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Miedzianka: Story of Disappearing [Miedzianka. Historia znikania], Filip SPRINGER
published by Czarne, Wołowiec 2011

Coppferberge, Kopferberg, Kupferberg, and later Miedzianka. A town; and in the town – a church, bakery, pharmacist's, inn, brewery, paper-mill, forge and hairdresser's. There were weddings there, children were born, somebody died. Supposedly, the town was cursed as at some point, a man murdered his own brother. And two crosses were put up beside the road: one of them read: ”Memento”, so the tragedy would not go forgotten. ”History has never really arrived here; more adequately, it just kept wandering about the neighbourhood”, writes Filip Springer in his debut book about the town which used to exist but does not anymore. The process of disappearing started with a cherry tree, devoured one time by a crack in the ground; the tree still had fruit on its top branches. Houses, tombs, started to sink deeper and deeper into the ground. People would vanish into thin air. Girls played with crystals from church chandeliers and boys reached into old, derelict graves to take out old skulls buried long before. What made the town, the seven-centuries-old town, cease to exist? Are the damages resulting from Uranium excavations conducted by the Russians between 1948 and 1952 to blame? Or, maybe, the underlying cause was the Evil Woman mentioned by the one-time Miedzianka inhabitants who fled the town? This polyphonic story of Miedzianka does not provide answers for all posed questions but the memory of the town has been preserved.

Filip Springer

Filip Springer
(b. 1982 in Poznań) – photographer (member of and journalist, whose works are published in all-Poland magazines such as ”Polityka” weekly. In 2010, he received a grant awarded by the Minister of Culture and National Heritage and in 2012, he was included in the ”Młoda Polska” (”Young Poland”) grant programme of the National Cultural Centre. Filip Springer co-created a project under the name “Ill - Bred” (”Źle Urodzone”), dedicated to documenting historic buildings of the post-war Modernist era in Poland and presenting them to broad audiences; in March 2012, a book covering this issue was published by Karakter. ”Miedzianka: Story of Disappearing” (”Miedzianka. Historia znikania”) is Filip Spinger's début in the field of literature.

Piotr Mitzner, Jury Member, about Filip Springer's book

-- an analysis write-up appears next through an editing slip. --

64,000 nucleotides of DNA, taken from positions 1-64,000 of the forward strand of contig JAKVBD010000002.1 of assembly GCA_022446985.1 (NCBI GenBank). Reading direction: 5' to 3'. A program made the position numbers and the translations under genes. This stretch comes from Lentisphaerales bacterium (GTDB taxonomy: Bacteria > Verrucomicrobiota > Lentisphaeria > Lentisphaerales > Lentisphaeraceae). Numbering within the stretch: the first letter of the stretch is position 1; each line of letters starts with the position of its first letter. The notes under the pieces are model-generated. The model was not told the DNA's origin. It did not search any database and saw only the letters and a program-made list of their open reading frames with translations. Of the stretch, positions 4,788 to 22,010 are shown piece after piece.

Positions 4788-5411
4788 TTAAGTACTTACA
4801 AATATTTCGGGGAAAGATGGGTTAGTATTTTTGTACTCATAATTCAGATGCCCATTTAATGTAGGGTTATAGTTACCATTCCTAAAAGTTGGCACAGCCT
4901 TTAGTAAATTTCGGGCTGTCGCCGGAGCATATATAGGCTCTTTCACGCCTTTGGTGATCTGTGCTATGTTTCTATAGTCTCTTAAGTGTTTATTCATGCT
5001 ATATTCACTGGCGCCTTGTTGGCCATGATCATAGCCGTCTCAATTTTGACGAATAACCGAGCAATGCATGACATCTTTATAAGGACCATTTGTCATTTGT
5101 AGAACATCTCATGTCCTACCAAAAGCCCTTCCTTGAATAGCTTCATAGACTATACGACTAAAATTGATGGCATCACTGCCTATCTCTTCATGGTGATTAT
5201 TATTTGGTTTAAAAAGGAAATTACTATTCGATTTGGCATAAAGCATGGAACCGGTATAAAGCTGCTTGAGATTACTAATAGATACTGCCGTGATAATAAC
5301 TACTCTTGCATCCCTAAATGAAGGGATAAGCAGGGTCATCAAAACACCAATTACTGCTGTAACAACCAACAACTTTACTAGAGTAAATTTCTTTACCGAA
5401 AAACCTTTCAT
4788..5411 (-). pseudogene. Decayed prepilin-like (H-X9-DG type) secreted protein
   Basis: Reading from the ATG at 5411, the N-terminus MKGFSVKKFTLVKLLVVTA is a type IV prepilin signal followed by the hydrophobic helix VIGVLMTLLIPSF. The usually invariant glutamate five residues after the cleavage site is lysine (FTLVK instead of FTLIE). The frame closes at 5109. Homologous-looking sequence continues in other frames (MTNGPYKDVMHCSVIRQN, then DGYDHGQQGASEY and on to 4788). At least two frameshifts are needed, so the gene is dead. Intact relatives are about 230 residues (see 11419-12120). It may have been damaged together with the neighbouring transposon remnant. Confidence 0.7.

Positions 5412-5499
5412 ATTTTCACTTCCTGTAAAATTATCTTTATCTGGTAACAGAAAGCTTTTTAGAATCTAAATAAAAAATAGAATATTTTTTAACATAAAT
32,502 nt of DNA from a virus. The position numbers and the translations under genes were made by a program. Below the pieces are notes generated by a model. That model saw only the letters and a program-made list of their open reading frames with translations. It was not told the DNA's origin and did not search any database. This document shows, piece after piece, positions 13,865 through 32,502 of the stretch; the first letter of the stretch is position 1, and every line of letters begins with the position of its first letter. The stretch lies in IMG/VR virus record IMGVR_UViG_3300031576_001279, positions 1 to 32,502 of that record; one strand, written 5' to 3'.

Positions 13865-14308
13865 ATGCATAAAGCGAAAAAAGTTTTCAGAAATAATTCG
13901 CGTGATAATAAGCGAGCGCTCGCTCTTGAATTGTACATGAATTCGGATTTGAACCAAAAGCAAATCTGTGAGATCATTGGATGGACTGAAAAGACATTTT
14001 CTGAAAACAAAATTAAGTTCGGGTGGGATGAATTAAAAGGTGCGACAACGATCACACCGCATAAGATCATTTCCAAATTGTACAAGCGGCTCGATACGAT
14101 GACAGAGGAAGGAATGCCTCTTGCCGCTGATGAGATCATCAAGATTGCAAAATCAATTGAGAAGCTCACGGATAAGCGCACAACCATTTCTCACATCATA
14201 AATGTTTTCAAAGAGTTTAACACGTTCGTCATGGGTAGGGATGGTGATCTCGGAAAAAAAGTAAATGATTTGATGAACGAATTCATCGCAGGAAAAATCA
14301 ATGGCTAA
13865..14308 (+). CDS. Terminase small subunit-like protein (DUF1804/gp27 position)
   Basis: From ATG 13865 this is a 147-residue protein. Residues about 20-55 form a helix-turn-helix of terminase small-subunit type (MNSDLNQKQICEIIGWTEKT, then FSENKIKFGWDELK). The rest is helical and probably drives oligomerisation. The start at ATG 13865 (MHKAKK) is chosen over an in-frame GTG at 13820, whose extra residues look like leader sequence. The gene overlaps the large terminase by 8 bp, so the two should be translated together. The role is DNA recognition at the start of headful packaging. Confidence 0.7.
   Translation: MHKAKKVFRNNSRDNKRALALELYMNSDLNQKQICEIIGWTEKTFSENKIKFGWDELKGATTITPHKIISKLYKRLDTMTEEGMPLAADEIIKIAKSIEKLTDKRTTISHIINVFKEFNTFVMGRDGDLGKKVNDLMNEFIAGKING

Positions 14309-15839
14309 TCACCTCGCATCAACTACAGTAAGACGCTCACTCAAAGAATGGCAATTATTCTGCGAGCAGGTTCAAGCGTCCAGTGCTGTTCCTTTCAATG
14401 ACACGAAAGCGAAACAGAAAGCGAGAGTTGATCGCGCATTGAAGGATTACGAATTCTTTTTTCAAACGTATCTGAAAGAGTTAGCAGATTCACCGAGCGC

"A reporter is usually a person who tells stories of what they witness with their own eyes. The world Filip Springer writes about had ceased to exist before the author of this ”story of disappearing” was even born. Therefore, he makes use of other people's memories as well as available chronicles and documents. He leads his narrative perfectly, steering clear from overwhelming readers with superfluous details. All the approximations and dates seem really necessary here.
Miedzianka, once formerly Kupferberg and earlier still Cuprifodina: settlement-turned-miner's town in Lower Silesia.
It was razed to the ground in the early 1970s and that was the ultimate blow stroke by the Beast, as Springer calls history. The Beast circles round Miedzianka, approaches, strikes, sets houses on fire, ushers troops and secret service in, kidnaps inhabitants. The Beast is not only history, clad in various armies' battle dresses. It is also simply fate. Fate that brings plague and starts fires, even if the direct cause of the town's destruction is a conflagration Ms Mansche triggers carelessly while melting pork fat over fire.
Of course, in the six hundred-year-long history of Miedzianka, there are moments of happiness, years of calmness and relative welfare. Copper and silver are excavated, exquisite (supposedly) beer is brewed, people live peacefully, love one another, have a good time, dance... And all of the sudden, the ground starts to cave in under their feet. It is a result of wasteful exploitation of all kinds of natural resources. Walls of houses crack. Then, the time of Hitler comes and afterwards, the land gets labelled ”regained territory” and both tradition and people get uprooted. Once again, mountains' treasures are wrenched from the nature; now under Soviet scrutiny, as in this case it is uranium ore we are talking about. In houses where Germans lived a while earlier, Poles settle while the walls crack even more. Nobody feels like saving the town. The ultimate destruction becomes a fact in the early 1970s.
And it is so as to oppose this annihilation, against the stream of time, as a result of a thorough analysis of each and every accidentally preserved detail, that Filip Springer's brilliant novel was written."

Piotr Mitzner


Miedzianka: Story of Disappearing [Miedzianka. Historia znikania]

published by Czarne, Wołowiec 2011